2017 Chevrolet Bolt Review


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2017 Chevrolet Bolt Overview

Acceleration. It’s a trait that distinguishes all-electric cars from their gas-burning counterparts. And the all-new, all-electric 2017 Chevrolet Bolt is accelerating on multiple tracks, literally and figuratively, with groundbreaking, and affordable, quickness.

The new Bolt was introduced as a concept car at the NAIAS in Detroit in January of 2015. One short year later--a remarkably quick turnaround in the auto industry--the production model Bolt was unveiled at the International Consumer Electronics Show (CES) in Las Vegas. Within hours of that introduction, critics were behind the wheel test driving the 4-door compact hatchback, another remarkably accelerated course of events for a process (moving from reveal to first drive) that can often take months.

Full technical specifications are not yet available for the Bolt, but Chevy claims it can go from 0-60 mph in less than 7 seconds, and test drivers seemed to think that claim is accurate. More technical details for the Bolt will be released in mid January at the Detroit show, although full specs won’t be available until the car is about due to hit sales lots, which is expected to be late 2016.

But the acceleration we may end up remembering most about the Bolt is how it quickly furthered the push toward affordable and practical all-electric vehicles. General Motors Chairman & CEO Mary Barra called the Bolt “a game changer” when it was presented in Detroit in Jan. 2015. Only time will truly tell, but as of Jan. 2016, that statement feels accurate.

The Bolt is expected to have a range of 200-plus miles and cost around $30,000 (after a $7,500 tax rebate). The combination of those two numbers in one vehicle is what sets Bolt apart…for now. Tesla has plans to introduce its similarly-priced Model 3 next spring and Volkswagen appears ready to introduce high-range electronic vehicles at multiple price points.

You do have to pay extra for the Bolt’s 240-volt charging unit, though just how much extra is still unknown. It can fully replenish the vehicle’s battery in nine hours or provide 25 miles of range in about an hour. Drivers can find information like battery levels, range estimation, and charge settings on the standard 10.2-inch display screen in the center of the dashboard.

The test drives offered by GM were brief, but those who got behind the wheel of the Bolt all came to a similar conclusion--this car is plenty ready for the real world. As mentioned, the acceleration is smooth and can push the Bolt forward fast enough to handle any everyday passing or merging situation. The ride is comfortable and the steering is precise and weightier than one might expect from a small car, but maybe that shouldn’t be a surprise considering the chief engineer, Josh Tavel, drives a Spec Racer Ford in the pro-racing division at Sports Car Club of America events.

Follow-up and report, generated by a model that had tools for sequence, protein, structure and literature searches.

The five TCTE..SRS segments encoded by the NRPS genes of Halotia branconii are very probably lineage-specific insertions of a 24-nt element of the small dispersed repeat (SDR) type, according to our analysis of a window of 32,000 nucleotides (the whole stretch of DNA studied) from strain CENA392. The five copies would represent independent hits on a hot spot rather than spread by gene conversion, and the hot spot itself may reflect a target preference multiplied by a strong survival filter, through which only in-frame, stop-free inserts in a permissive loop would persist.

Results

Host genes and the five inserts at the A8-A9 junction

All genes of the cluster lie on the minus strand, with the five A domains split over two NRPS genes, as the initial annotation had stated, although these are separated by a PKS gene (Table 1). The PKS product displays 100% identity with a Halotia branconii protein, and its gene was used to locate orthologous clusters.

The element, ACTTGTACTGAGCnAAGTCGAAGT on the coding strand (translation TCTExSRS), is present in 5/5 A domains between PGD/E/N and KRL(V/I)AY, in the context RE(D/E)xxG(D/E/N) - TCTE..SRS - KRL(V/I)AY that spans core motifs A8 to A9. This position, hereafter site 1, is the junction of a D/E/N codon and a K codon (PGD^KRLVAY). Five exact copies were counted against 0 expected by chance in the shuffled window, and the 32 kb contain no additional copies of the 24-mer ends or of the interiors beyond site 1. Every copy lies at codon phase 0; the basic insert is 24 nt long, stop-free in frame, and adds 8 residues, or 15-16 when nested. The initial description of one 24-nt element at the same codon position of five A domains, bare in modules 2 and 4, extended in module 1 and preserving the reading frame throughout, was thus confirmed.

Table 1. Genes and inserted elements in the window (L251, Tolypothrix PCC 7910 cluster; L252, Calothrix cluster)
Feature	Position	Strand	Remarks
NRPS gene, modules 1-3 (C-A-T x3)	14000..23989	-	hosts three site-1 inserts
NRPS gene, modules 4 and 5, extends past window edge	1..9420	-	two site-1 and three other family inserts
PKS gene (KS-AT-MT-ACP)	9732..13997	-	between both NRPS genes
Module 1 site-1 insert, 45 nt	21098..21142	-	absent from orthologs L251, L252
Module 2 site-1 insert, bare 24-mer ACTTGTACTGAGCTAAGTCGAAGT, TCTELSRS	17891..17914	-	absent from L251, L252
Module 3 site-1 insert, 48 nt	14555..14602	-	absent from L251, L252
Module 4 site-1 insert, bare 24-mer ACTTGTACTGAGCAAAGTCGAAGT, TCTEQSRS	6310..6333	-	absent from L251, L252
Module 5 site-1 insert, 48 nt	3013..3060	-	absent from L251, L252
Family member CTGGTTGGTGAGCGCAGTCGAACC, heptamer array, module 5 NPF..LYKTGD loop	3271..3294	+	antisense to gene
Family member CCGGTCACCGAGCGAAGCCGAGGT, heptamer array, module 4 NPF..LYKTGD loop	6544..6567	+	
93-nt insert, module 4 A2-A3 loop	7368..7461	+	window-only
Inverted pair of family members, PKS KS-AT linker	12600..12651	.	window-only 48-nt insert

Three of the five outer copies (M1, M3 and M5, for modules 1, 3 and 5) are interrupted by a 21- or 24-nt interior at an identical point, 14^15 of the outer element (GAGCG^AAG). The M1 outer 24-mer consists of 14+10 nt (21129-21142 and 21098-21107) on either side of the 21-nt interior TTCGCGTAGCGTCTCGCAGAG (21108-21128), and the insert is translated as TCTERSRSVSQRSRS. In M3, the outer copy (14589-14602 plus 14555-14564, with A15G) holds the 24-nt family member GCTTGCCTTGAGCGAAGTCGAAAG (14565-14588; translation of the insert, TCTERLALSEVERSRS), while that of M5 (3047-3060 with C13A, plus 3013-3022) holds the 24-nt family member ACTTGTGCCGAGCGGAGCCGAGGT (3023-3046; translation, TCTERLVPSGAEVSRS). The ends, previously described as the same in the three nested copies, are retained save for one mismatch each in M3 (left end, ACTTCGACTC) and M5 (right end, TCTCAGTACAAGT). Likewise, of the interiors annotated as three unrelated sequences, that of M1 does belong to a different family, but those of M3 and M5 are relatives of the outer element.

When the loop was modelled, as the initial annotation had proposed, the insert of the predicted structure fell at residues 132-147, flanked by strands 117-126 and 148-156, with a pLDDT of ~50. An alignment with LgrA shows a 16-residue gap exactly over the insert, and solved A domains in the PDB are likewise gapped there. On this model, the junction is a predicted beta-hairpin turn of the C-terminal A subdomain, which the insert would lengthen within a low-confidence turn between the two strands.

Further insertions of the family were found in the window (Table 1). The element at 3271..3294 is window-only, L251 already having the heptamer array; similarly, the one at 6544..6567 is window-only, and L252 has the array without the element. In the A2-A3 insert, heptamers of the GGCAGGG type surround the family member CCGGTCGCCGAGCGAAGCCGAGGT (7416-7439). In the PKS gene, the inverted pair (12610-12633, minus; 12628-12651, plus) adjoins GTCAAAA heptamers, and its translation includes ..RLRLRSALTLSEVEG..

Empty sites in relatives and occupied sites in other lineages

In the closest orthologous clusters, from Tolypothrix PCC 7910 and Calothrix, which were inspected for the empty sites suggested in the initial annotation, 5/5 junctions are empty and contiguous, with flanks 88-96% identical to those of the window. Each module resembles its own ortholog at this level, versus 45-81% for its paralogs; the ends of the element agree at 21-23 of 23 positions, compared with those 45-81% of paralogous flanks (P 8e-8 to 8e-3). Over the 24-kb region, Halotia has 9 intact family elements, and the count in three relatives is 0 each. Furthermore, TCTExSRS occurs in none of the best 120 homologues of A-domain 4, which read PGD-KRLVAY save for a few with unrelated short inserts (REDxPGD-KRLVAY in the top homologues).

While it does take some cues from Chevy’s hybrid Volt, the Bolt was built on a unique platform. This tells us GM is committed to the vehicle in the long term. In the short term, it allowed the designers to create a flat-bottomed floor that improves aerodynamics and helps create what amounts to an incredible amount of space inside the compact Bolt.

Even with a 6-foot-plus driver at the wheel, a 6-foot-plus passenger can comfortably sit in the driver's-side back seat. That’s due to the flat floor and the unusually thin seats, which use a suspension system to complement their specially designed foam pads. Testers reported the seats as comfortable during their short rides, though how the seats hold up on long road trips remains to be seen. The Bolt also offers 56.6 cubic feet of cargo volume with the rear 60/40 split-folding seats down.

The Bolt is loaded with an impressive amount of high-quality technology and connectivity, something else that you rarely find in this price range. GM outsourced much of the electronics manufacturing to LG, which will supply the GM-designed electric motor, battery cells, battery pack, DC/AC power inverter, on-board charger, instrument cluster, infotainment system, and other electronic parts and pieces. The result is first-rate technology like a touchscreen with no delay between touch and response.

Apple’s CarPlay and Android Auto are both available, so you can pair your smart phone to the Bolt no matter what brand you use. You can configure the widgets on the home screen however you want. And there are options for a rear-view mirror that doubles as a display screen for the rear-facing cameras (meaning no pillars, cargo, or rear passengers will impede your rear view), as well as Surround Vision, which uses four cameras to create a virtual bird’s eye view of the vehicle.

No crash tests have been performed with the Bolt, but it does use an advanced high-strength steel frame and comes with 10 air bags and automatic crash response. Available safety features include forward pedestrian alert, forward collision alert, side blind-zone alert, and rear cross-traffic alert.


After working at gas stations and car washes in high school, driving across the country more than a dozen times and even living on the road in a well-outfitted truck, Tim O'Sullivan finally started putting some of his automotive knowledge to work when he began writing for CarGurus in 2008. He's also an award-winning journalist and the Sports Editor at the Concord (NH) Monitor.

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